Rippling After Floor Sanding
After sanding a floor, it's discouraging to find ripples -- also known as chatter or waves. They are a series of ridges that cross the grain, giving the floor a washboard appearance. While there are techniques you can use to fix rippling and to minimize it the next time you sand, you may need to upgrade your drum sander to one with more weight, or repair your existing sander, to completely avoid the issue.
How Rippling Happens
Rippling, or chatter, happens when you sand a floor with a drum sander. As you move the sander along the floor, the action of the drum can make the machine bounce up and down, and every time it lands, the drum makes a slight depression in the wood. You often don't notice that you're making chatter marks while you're sanding but they become apparent when you finish the floor, as the play of light on the glossy surface highlights the depressions. By then it's usually too late to do anything about it short of starting the job over.
Condition of the Sander
Most rippling is the result of problems with the drum sander, which refinishers often call the big machine. If the housing on the big machine isn't heavy enough -- which is common with rental machines -- the machine has a greater tendency to bounce. Even if the housing is heavy enough, the machine could have defects such as a misaligned or misshapen drum or ineffective paper grips. The problem can also be electrical. If the voltage to the machine fluctuates or is insufficient, the motor may labor and run inconsistently.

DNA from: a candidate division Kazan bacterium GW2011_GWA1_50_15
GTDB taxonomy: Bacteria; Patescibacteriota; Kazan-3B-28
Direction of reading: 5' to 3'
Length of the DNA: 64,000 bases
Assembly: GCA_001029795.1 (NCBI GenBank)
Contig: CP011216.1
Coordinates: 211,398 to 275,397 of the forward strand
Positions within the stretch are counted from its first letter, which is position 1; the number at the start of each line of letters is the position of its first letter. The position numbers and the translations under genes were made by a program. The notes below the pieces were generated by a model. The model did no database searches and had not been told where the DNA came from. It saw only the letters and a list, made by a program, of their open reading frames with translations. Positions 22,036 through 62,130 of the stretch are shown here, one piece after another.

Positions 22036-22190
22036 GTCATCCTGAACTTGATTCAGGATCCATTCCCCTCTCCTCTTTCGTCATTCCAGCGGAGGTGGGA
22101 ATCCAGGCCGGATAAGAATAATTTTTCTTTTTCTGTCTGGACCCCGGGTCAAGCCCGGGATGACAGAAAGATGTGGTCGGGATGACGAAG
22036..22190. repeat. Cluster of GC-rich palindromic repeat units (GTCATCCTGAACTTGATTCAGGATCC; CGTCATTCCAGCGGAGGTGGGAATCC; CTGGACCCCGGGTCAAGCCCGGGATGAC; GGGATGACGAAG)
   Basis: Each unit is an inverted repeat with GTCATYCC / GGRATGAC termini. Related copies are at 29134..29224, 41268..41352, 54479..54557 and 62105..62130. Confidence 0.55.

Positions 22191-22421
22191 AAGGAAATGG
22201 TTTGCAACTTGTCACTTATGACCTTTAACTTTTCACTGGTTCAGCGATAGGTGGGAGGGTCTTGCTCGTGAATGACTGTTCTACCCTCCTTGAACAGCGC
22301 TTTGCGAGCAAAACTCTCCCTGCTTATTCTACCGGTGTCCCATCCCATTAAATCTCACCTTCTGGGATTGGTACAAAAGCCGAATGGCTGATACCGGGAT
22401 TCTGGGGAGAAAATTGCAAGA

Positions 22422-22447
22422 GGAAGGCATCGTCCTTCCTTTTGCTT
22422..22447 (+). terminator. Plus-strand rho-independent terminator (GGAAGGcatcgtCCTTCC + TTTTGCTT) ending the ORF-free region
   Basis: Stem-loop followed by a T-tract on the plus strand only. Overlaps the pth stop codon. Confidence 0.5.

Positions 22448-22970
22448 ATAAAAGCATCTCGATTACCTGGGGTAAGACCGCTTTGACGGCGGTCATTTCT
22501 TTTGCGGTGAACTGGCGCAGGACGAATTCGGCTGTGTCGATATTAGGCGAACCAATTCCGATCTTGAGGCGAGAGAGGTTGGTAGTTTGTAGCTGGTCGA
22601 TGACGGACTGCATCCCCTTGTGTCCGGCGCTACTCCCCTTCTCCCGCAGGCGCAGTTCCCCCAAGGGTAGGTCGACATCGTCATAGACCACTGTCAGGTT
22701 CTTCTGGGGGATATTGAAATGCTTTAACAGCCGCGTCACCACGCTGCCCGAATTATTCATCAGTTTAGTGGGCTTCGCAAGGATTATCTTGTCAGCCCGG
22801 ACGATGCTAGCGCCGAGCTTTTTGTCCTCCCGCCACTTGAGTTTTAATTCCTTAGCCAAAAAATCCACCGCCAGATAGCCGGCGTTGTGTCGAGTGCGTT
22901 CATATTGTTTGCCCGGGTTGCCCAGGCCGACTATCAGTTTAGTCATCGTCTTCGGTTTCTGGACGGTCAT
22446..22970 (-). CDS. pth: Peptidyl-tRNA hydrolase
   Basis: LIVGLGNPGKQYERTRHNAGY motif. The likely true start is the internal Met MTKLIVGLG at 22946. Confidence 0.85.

If you are sanding an uneven floor with a light machine, it's almost impossible to avoid chatter, but you can minimize it by cutting across the grain at a 7- to 15-degree angle on the first pass. If that doesn't work, it may be time to upgrade to a heavier, more sophisticated machine, at least for this project. Top-of-the-line drum sanders have a clutch that allows you to lower the drum by lowering a handle so that you don't have to raise and lower the entire housing. Their weight can be 100 or more pounds greater than basic machines, and they bounce far less.
It's always a good idea to check for ripples before you finish the floor by wiping the floor with a damp cloth and then looking across the surface as the light shines from in front of you. Forget about trying to fix any ripples you find with the same drum sander that created them -- you'll probably just make them worse. A better strategy is to re-sand the floor with an orbital floor sander or a flooring disk sander. The latter is not the same thing as an edger, which you use to sand the edges of the floor. You should be able to find either machine at a rental outlet.
Chris Deziel has a bachelor's degree in physics and a master's degree in humanities. Besides having an abiding interest in popular science, Deziel has been active in the building and home design trades since 1975. As a landscape builder, he helped establish two gardening companies.
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